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NICE issues first guidance on harmful sexual behaviour in young people

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School nurses and other members of the profession should “immediately inform” their organisation’s safeguarding lead when a child or young person displays sexualised behaviour that is not appropriate for their age, new guidelines state.

Possible signs of problems include using sexualised language such as adult slang to talk about sex, sexualised behaviour such as “sexting” or sharing and sending sexual images using mobile or online technology, or viewing pornography that is inappropriate for age and developmental status.

“It’s about encouraging practitioners to recognise when there is a problem and seek advice”

Maeve Murphy

Nurses who are named safeguarding leads should then use “locally agreed resources” to assess concerns about the sexual behaviour, said the National Institute for Health and Care Excellence in its new guideline.

Such tools should form part of an “early help assessment” that accounts for the severity of the behaviour involved, to avoid unnecessary and potentially stigmatising referrals.

NICE said practitioners should use risk assessment tools that are suitable for the child or young person’s developmental age and gender when concerns were initially raised.

In particular, the guidance recommended professionals use resources such as the Brook Sexual Behaviours Traffic Light Tool2 to help gauge the severity of the behaviour.

“Harmful sexual behaviour has gone under the radar for too long”

Jon Brown

The Brook tool identifies a range of sexual behaviours between infancy and adulthood and distinguishes between their seriousness using a traffic light system.

For the first time, the NICE has published guidance to enable practitioners to help children and young people who display harmful sexual behaviour.

Overall, NICE called for a joined up approach between universal services, child health services, children’s social services and the voluntary sector when responding to concerns about behaviour.

Other recommendations included that practitioners should consider engaging with families and carers before beginning an intervention, and that care plans and structure interventions should be tailored to meet the needs of the individual child or young person.

The guideline also identified the need for further research into the impact that electronic media has on sexual behaviour, such as so-called “sexting” where people exchange intimate photographs.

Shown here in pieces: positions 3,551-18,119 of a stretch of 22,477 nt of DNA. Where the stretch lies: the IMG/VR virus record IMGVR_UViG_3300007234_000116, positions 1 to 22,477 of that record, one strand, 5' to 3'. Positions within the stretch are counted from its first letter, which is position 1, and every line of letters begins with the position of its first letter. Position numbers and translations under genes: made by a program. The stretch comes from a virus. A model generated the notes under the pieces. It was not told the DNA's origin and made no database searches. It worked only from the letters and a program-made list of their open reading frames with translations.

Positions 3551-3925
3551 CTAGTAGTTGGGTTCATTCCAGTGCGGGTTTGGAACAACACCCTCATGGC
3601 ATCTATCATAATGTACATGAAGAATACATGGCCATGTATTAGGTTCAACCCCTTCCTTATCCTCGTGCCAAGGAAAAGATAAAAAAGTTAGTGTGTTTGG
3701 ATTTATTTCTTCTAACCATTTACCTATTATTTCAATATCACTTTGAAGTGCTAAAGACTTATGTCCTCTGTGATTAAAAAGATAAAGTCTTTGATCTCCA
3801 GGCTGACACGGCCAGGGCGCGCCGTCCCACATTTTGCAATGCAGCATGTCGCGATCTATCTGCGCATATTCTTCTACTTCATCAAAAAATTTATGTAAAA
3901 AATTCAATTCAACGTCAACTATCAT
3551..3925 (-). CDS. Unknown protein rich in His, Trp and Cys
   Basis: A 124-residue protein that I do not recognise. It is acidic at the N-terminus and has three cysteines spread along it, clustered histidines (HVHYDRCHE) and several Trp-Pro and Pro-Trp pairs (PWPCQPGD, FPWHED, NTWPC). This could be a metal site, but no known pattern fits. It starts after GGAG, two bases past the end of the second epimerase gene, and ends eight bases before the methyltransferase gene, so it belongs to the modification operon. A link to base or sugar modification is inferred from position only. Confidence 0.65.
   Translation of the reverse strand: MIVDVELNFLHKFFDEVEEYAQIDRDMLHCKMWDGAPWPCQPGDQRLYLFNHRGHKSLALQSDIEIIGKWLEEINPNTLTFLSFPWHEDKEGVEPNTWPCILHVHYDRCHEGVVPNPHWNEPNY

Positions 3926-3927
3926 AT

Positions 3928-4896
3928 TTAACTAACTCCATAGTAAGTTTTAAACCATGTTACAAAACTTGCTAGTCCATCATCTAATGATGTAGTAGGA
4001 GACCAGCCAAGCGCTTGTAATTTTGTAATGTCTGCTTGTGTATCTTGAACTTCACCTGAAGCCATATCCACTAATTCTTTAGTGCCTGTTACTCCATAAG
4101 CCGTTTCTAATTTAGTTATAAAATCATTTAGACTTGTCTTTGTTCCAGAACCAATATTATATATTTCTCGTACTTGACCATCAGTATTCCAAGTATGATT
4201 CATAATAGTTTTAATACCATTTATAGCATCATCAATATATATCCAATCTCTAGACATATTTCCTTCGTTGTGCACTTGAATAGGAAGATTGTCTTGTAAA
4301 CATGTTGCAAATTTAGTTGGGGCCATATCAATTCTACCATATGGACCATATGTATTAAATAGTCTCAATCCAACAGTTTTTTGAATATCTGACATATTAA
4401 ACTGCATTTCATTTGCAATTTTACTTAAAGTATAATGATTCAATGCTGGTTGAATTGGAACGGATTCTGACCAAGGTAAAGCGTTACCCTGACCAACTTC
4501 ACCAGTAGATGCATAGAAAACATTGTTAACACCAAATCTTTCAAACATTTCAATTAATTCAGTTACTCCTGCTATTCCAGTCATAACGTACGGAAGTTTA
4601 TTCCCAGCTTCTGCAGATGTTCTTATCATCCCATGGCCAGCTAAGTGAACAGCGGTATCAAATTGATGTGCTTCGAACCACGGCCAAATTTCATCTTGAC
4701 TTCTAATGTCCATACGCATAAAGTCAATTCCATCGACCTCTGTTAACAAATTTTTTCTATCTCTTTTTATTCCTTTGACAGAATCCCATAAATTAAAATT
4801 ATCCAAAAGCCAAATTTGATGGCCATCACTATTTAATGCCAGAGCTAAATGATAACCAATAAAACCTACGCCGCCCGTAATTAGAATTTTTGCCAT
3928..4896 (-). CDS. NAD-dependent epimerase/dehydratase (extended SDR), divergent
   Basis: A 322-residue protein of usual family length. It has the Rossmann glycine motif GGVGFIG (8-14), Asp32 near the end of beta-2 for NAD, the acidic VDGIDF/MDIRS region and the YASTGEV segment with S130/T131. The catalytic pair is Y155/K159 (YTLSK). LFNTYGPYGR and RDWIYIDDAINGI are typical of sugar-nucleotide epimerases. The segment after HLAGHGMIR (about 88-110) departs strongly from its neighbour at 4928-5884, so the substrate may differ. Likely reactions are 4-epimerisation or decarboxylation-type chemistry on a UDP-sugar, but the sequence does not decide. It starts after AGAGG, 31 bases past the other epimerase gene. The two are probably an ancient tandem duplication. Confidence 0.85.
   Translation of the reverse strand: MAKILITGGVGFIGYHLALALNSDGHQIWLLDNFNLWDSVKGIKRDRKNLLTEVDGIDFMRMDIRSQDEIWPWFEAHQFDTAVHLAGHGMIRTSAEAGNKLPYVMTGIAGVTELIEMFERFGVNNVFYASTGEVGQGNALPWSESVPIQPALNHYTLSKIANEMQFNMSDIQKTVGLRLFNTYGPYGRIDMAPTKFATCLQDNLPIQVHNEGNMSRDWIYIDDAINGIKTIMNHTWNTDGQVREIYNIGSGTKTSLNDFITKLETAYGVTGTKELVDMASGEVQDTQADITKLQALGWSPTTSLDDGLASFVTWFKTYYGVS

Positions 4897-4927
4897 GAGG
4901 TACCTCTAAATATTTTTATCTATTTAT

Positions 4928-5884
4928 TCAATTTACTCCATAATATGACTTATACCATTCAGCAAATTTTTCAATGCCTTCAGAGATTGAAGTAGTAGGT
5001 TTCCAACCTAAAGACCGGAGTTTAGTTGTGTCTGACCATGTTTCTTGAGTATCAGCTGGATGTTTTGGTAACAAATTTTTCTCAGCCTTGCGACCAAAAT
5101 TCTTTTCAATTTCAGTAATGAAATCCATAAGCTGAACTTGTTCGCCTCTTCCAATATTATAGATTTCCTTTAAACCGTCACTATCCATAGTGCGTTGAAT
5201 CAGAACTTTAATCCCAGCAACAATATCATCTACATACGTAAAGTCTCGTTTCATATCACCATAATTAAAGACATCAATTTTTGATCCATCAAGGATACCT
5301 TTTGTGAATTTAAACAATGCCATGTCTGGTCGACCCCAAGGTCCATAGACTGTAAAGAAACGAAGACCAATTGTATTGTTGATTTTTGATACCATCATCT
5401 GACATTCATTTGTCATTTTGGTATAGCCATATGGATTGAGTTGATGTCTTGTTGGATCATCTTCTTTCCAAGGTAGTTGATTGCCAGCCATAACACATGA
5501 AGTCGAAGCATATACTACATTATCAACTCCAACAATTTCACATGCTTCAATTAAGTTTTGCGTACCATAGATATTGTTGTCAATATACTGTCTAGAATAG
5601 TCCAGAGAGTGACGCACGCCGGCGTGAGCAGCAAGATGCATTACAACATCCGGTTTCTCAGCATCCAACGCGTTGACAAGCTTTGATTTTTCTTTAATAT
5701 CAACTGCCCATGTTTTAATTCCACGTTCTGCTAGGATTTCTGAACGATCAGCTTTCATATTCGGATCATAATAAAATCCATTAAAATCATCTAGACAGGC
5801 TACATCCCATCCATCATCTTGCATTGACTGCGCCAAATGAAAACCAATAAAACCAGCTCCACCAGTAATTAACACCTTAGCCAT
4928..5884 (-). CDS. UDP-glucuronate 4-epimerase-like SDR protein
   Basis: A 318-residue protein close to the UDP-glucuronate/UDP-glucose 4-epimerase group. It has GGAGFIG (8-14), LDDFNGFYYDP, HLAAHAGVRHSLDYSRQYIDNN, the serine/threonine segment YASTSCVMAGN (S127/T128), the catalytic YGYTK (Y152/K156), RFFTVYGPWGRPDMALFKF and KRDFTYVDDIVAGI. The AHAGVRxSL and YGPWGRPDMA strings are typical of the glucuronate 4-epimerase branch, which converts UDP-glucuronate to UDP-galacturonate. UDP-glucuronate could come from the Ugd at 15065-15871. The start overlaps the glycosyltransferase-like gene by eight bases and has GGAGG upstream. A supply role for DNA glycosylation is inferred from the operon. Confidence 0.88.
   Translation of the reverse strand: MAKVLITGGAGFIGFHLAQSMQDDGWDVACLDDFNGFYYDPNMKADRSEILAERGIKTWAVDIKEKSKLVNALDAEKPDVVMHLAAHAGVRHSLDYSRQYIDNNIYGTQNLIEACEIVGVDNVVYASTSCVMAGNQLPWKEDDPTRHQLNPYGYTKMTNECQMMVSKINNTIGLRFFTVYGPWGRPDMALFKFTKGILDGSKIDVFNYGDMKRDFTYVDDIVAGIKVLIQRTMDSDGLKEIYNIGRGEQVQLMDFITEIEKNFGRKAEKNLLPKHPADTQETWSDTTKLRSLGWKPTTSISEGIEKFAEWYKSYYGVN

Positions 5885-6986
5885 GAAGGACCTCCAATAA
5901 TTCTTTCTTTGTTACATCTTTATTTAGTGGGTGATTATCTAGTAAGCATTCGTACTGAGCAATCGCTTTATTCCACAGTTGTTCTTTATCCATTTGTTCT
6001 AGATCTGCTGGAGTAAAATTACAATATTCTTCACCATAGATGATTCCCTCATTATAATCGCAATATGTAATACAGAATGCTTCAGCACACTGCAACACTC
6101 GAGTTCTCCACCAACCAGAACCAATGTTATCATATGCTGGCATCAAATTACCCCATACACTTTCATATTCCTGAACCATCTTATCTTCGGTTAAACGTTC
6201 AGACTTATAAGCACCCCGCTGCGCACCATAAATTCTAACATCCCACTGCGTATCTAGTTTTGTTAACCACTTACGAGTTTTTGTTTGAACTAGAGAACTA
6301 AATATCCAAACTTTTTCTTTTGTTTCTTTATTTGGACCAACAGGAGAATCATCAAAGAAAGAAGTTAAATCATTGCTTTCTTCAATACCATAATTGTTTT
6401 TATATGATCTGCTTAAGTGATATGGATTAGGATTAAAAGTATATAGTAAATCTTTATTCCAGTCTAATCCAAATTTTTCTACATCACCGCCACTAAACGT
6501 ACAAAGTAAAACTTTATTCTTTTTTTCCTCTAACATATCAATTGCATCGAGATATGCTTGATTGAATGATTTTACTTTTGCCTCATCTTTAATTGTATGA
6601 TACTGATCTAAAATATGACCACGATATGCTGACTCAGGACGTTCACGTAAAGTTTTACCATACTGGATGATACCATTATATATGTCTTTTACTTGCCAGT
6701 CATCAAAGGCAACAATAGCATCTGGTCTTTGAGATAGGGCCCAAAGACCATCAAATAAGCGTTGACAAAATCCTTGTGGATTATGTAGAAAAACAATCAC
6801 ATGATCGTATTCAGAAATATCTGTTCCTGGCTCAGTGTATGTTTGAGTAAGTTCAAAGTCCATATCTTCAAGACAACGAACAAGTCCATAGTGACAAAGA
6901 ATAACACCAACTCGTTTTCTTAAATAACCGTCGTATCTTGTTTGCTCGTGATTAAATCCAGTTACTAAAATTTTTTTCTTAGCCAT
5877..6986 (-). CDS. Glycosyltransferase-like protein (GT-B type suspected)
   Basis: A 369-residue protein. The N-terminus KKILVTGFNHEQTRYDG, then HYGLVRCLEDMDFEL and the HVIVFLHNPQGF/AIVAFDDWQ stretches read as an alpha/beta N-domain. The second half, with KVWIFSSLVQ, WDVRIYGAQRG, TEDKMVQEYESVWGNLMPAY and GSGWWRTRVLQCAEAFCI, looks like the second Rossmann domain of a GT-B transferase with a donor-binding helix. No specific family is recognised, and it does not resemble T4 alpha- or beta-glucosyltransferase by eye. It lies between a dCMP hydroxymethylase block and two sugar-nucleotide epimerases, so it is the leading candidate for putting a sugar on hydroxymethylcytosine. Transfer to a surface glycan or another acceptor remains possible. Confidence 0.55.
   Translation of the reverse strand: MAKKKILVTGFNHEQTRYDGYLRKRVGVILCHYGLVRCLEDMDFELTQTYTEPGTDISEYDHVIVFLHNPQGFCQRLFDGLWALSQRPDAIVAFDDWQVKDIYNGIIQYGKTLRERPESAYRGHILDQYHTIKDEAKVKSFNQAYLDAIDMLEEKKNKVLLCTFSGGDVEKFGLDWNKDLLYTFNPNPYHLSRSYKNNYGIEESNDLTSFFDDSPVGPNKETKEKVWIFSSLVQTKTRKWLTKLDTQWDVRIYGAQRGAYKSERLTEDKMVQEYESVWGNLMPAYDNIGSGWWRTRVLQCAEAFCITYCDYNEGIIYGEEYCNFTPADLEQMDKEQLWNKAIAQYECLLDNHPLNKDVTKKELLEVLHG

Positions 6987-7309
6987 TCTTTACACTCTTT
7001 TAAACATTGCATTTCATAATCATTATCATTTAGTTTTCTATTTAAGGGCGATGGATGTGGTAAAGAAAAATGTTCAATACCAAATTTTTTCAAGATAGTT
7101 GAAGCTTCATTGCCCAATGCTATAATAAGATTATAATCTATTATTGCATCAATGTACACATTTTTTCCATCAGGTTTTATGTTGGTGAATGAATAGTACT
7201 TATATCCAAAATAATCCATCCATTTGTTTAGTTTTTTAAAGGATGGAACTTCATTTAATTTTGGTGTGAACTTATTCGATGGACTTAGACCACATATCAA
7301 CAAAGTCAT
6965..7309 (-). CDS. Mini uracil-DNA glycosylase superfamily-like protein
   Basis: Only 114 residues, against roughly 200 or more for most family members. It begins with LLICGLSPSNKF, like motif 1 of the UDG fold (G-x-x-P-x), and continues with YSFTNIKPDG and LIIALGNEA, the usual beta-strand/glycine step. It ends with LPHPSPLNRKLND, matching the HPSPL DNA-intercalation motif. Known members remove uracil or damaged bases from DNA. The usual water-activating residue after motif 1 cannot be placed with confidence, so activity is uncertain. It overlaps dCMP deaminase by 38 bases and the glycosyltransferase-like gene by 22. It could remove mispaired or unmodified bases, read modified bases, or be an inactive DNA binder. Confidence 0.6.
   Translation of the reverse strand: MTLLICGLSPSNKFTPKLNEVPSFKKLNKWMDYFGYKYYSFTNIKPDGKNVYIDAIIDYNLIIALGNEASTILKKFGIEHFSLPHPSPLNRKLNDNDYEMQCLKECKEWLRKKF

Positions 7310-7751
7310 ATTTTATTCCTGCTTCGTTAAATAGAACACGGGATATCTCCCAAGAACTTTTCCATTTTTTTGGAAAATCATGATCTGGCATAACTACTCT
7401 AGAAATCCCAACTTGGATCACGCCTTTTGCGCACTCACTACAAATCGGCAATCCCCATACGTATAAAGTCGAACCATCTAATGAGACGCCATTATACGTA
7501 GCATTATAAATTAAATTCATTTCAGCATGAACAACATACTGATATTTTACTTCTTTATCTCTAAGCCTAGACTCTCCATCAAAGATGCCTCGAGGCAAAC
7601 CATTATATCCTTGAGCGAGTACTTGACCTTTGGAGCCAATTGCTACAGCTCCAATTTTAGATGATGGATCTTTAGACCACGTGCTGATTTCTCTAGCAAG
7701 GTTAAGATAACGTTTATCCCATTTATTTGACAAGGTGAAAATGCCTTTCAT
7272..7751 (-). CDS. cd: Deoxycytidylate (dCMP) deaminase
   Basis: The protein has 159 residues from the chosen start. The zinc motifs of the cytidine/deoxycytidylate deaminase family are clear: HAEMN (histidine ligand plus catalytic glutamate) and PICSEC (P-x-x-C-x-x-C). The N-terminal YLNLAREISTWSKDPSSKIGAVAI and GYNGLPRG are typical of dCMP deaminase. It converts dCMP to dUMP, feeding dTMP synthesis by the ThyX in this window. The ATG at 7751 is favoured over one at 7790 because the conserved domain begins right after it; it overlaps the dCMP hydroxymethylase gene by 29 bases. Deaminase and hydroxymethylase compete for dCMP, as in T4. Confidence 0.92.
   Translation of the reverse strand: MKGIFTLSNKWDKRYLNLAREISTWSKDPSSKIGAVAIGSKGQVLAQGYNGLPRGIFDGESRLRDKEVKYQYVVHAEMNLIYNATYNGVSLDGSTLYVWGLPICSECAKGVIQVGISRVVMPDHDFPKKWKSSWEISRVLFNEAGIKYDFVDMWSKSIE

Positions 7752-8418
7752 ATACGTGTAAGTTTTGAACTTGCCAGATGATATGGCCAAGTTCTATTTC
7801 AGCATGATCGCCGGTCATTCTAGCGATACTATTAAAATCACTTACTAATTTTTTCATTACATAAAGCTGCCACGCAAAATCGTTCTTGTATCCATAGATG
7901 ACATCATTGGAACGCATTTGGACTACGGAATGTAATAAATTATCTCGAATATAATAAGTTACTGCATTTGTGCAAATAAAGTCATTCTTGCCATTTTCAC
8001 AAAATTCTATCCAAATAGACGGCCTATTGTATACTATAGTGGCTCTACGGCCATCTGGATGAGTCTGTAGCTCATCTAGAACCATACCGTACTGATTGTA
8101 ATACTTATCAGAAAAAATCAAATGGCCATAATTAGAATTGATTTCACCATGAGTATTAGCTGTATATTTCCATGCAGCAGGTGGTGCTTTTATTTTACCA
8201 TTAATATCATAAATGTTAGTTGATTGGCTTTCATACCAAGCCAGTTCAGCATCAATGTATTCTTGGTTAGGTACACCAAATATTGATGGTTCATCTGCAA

NICE noted that while many children would naturally grow out of behaviours such as engaging in inappropriate sexual discussions or acts, it was important they were not ignored.

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Gillian Leng

It highlighted that in the small number of cases involving children and young people committing sexual offences evidence suggested early opportunities to address their behaviours were missed.

Professor Gillian Leng, deputy chief executive of NICE, said: “This guidance is about preparing teachers, nurses, social workers and others to recognise harmful sexual behaviour when it occurs and ensure they can work across team boundaries so that problem behaviour is not ignored or missed and children and young people receive the help they need.”

Maeve Murphy, a clinical nurse at Greater Manchester West Mental Health NHS Foundation Trust, was part of the NICE guideline development group.

She said: “There is a disparity in the provision of services throughout the country to tackle these issues, both in terms of quality and quantity.

“This guideline is about encouraging collaboration and support between services so that these gaps can be addressed,” she said.

“It’s also about encouraging practitioners to recognise when there is a problem and seek advice,” she noted.

NSPCC

Guidance on harmful sexual behaviour in children

Jon Brown

Jon Brown, head of development and impact at the charity the NSPCC, was also a member of the guideline development group.

“Harmful sexual behaviour has gone under the radar for too long,” he said, adding that there were “three key messages” in the guidance.

He said these were that children and young people should not be treated as “mini sex offenders”, that the approach should be shaped to the individual, and that steps to change behaviour will only be effective if families and support networks understand there is an issue and are supportive.

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